The second clue that these aren't the types of sites you would want to be affiliated with lies in the name of the sites and their Pagerank in relation to their content. Notice that the sites seem to be about cars as far as how the sites look, what their copy says, et al. Now, would you say that "collectiveunconsciousltd.com" and "emmyelephant.net" had anything at all to do with car sites? Not really. Now, the reason I mention that isn't to say that the name of the URL is completely irrelevant, because many people have URLs that reflect their brand name and not their products (e.g. Apple, Microsoft, IBM, etc.). But in this case, it's pretty obvious that the on-site copy holds no relation to the URL name at all. Never mind the fact that if you hit Ctrl F and search for "emmy" or "collective" on each of the respective sites above, they don't appear *anywhere* on the site (or on the home page, at least). What that tells us is that these people most likely purchased a couple of expired domain names that have a bit of age to them and already have a good number of links pointing to them. That's why these seemingly pointless and irrelevant sites have decent PR scores.

Sometimes, you can also visit archive.org and search for a domain name to find the older, original content that populated the site prior to the domain expiring, but there doesn't appear to be any data for either of the sites mentioned above (not at the moment, at least; archive.org can be a little buggy at times in the information it yields or lack thereof).

So, all-in-all, what I'm highly recommending is that you do not engage in link exchanges with completely random sites. Can they provide value? Certainly. I've seen people get sites ranking purely off of backlinks from mostly spammy sites, so it's possible... but if you depend on your site being found in Google and longevity is the name of your game, then I recommend you stay away from link exchanges like this. Having said that, link exchanges in and of themselves aren't bad. If you're going to engage in them, you want the site your link appears on to be as related to the content of your site as possible. Ask for an exact anchor text link and use a money keyword term if possible. Try to get the link to appear as high up on the other person's site as possible since spiders crawl sites from top to bottom (thus, the amount of relevance and emphasis placed on content and links attenuates as spiders crawl further down the page). And remember that within an article's copy is *always* the best place to net a link to your site if at all possible.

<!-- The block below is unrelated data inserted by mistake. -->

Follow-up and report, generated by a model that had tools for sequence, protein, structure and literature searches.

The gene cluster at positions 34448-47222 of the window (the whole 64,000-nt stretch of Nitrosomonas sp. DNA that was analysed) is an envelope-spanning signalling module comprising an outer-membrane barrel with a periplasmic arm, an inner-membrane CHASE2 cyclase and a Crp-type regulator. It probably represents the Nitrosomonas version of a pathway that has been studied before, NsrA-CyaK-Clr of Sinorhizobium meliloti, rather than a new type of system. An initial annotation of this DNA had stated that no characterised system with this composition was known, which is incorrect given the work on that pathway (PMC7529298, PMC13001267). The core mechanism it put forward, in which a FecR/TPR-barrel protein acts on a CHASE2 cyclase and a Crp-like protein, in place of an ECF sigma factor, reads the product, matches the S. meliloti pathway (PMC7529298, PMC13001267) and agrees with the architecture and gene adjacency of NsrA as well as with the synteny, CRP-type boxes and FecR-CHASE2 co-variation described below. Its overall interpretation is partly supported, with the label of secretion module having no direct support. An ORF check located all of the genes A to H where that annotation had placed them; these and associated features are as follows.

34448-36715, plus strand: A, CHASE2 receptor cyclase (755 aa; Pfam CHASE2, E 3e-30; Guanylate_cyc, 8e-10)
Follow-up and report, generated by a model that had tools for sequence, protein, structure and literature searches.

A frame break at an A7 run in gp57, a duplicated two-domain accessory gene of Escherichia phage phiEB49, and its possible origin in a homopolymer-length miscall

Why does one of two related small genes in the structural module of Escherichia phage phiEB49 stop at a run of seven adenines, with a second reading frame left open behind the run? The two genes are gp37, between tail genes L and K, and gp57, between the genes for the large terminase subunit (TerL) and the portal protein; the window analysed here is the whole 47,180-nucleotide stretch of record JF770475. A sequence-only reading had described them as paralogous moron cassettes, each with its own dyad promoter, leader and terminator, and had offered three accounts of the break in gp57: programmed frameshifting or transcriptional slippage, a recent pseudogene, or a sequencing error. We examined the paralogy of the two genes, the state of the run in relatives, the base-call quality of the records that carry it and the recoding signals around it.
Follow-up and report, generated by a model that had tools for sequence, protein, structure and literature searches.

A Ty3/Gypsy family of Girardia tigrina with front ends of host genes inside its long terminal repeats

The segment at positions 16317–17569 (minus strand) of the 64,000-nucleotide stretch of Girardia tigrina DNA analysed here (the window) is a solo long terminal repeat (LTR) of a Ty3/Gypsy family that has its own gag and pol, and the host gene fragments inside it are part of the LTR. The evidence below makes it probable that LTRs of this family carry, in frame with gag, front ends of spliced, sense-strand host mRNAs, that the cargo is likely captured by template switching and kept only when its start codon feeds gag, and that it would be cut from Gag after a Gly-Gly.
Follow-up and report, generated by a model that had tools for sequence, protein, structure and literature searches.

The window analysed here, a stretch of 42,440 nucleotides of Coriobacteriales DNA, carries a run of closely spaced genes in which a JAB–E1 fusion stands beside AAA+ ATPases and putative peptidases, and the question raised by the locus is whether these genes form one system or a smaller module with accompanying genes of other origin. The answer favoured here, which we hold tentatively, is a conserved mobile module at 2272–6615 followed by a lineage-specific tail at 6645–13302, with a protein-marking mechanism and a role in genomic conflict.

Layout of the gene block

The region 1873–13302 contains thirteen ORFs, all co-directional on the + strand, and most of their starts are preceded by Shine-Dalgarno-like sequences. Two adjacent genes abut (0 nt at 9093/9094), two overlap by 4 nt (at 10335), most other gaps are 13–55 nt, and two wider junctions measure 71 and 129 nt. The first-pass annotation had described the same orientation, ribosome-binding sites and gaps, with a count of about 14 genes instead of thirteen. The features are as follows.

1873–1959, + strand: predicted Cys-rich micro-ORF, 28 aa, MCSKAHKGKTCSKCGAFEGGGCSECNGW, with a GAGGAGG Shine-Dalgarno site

Just be be aware that there are sites with reputations that can hurt you more than help you. And if those types of site owners approach you, then you can rest assured they know they have a lot more to gain than you do from the exchange -- no matter how good they try to make a link to your site from theirs look!

If you have any questions or comments on the information above, please do not hesitate to reach out via the comments section below!

Topics: Software Development, Browser, Collaboration

About

Stephen is a freelance writer and blogger based in Charlotte, NC. His contributions to ZDNet cover topics related to security, gaming, Microsoft, Apple, and other topics of interest with a tech/SMB skew.